As Midwesterners, few born-and-raised Nebraskans would claim to have an accent. We grow up believing that there’s nothing unique about the way we speak. But is that really true? The experts say no.
John Lang hopes to complete his second world-record-breaking brick feat with the Big Red Husker Flag Project, a 2,000-square-foot, red-and-white Nebraska flag that will outstrip the 60-by-30-foot American flag he and a group of volunteers built last summer.
This “Wicked” — a Broadway touring production that’s been on the road for a while — has an accomplished cast and a crew that makes all the magic happen at exactly the right time.
The menu at Paddy McGown’s is affordable, filling and pairs well with cold beer, all things that, I think, are requirements at the kind of reliable neighborhood bar the restaurant shaped up to be.
Friends and family members say I need to start my own “plantaholics anonymous” chapter.
In advance of the premiere of "Wicked," the hit musical that opens Wednesday at the Orpheum Theater, we talked with actor Mary Kate Morrissey, a Philadelphia-area native and graduate of Syracuse University who plays Elphaba, about how she gets green, what her role entails and other “Wicked” details.
Asian buns and dumplings are some of my favorite foods, and Omaha doesn’t have nearly enough offerings. I really wanted to like HipBao. But too much went wrong.
Omaha’s Indian rhinos did a whole lot of growing up this week.
America’s most widely celebrated Mexican holiday is treated quite differently in Mexico than it is here in the U.S. Most notably: It’s not nearly such a big deal in Mexico.
Years of work have restored the land surrounding Joslyn Castle and created 5½ acres of blooming beauty.
After the restaurant reopened, it added new menu items. Over my three recent visits, only a few of those new items worked.
It’s not a matter of just dumping fertilizer on your yard. It’s about picking the right product and applying it at the right time.
Hundreds filed in to the University of Nebraska at Omaha's Pep Bowl, grabbed handful after handful of colorful powdered dye and let loose — painting the grass, the air and, most importantly, each other with vibrant shades of the season.
We spoke with certified arborists around the state to ask: If I want a tree like this, what super-species should I plant?
In a way, “Star Trek” devotees are like a family. They bond over language, references and memories that only members of the clan would know. So it’s not a giant leap for a playwright to set a story about familial love and strife in a world that’s similar to life on the Starship Enterprise.
That dandelion in your yard isn’t as useless as you might think. Before you pluck it, think about the bees. To those buzzing little pollinators, dandelions are like candy.
It’s rare these days for me to encounter a dish I've never seen. At Steak & Grapes, I saw not just one, but a whole handful.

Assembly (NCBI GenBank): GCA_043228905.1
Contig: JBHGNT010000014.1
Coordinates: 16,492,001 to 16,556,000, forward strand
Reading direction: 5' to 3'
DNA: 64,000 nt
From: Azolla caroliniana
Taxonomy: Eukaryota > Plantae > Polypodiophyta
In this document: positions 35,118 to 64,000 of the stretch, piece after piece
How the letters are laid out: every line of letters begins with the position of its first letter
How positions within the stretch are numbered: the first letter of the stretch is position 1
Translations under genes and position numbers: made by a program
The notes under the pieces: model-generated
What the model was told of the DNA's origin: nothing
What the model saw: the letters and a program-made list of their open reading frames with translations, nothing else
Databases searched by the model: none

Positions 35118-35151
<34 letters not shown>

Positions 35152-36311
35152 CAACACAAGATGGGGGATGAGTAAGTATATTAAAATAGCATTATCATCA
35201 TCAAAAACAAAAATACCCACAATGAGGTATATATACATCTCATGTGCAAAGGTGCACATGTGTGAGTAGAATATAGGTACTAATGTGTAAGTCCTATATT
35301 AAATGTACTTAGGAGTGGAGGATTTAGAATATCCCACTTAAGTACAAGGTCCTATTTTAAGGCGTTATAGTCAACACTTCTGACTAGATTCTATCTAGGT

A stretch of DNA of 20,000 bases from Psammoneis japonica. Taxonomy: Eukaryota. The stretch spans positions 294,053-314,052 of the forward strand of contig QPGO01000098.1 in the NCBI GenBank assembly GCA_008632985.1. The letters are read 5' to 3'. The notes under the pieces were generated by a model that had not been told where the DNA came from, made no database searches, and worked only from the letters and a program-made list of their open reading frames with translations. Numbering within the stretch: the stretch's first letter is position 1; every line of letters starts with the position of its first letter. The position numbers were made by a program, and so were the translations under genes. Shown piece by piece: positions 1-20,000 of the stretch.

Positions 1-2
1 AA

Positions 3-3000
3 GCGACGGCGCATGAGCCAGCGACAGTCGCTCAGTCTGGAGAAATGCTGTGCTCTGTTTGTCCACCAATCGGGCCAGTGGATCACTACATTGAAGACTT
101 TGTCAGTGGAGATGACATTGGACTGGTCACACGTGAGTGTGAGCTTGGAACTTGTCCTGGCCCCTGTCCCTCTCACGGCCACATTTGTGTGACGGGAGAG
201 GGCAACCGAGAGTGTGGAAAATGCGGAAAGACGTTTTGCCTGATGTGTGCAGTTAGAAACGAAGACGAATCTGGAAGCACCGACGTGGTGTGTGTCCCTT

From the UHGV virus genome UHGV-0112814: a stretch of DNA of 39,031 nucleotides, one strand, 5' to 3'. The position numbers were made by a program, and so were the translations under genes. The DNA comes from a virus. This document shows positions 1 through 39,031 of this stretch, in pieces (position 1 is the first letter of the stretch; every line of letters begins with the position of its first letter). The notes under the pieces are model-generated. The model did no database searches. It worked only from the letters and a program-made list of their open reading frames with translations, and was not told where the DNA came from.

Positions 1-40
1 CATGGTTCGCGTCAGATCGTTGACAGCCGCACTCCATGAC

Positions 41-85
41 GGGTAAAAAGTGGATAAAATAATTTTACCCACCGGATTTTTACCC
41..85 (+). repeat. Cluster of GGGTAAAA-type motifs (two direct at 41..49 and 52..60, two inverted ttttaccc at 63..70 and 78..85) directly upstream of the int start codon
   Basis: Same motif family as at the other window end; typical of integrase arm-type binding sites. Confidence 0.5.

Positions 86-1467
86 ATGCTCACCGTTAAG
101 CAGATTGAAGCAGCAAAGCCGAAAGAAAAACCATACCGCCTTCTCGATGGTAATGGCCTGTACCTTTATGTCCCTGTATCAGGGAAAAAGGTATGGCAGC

Making meals for animals is an ongoing process that involves dozens of people and thousands of pounds of food.
In a recent interview with The World-Herald, Sara Peterson shared how she wound up in New York, what she loves about her job and some behind-the-scenes info about the popular magazine.
For the past 31 years, Smith has written hundreds of poems, committing many to memory. Many are funny, while others are poignant tales about faith and family. All are rooted in truth.
While I wasn’t blown away by the finished product, it’s fun, and not meant to be taken too seriously. So I didn’t take it as such.
Five 20-something strangers move into a house for a year learn to work the earth, raise chickens and start up and run a business. You could call it “The Real World: Farmer Edition.”
R.P. Smith is one of Nebraska’s best-known cowboy poets.
Philip Glass’ visit and the world premiere are epic for the University of Nebraska, its students and the state. The 81-year-old composer is considered to be one of the most influential musicians of the late 20th and early 21st centuries.
The season will open in September with "Judy Moody & Stink: The Mad, Mad, Mad, Mad Treasure Hunt."
Costumes can make or break a show, especially a period piece like “Shakespeare in Love." Costume designer Lindsay Pape has “exquisitely” captured the Elizabethan era, both with beautiful drawings of proposed clothes and with the realized costumes, the Playhouse's artistic director said.
Despite a late blast of winter, temperatures are projected to reach the 60s or 70s next week. Soon after, you can expect a stampede as gardeners head outside to get vegetable (and fruit) plots ready for the growing season.
After years of curating family heirlooms, Jane and Billy Karges are giving their family puzzle pieces a proper display, and it’s open to the public.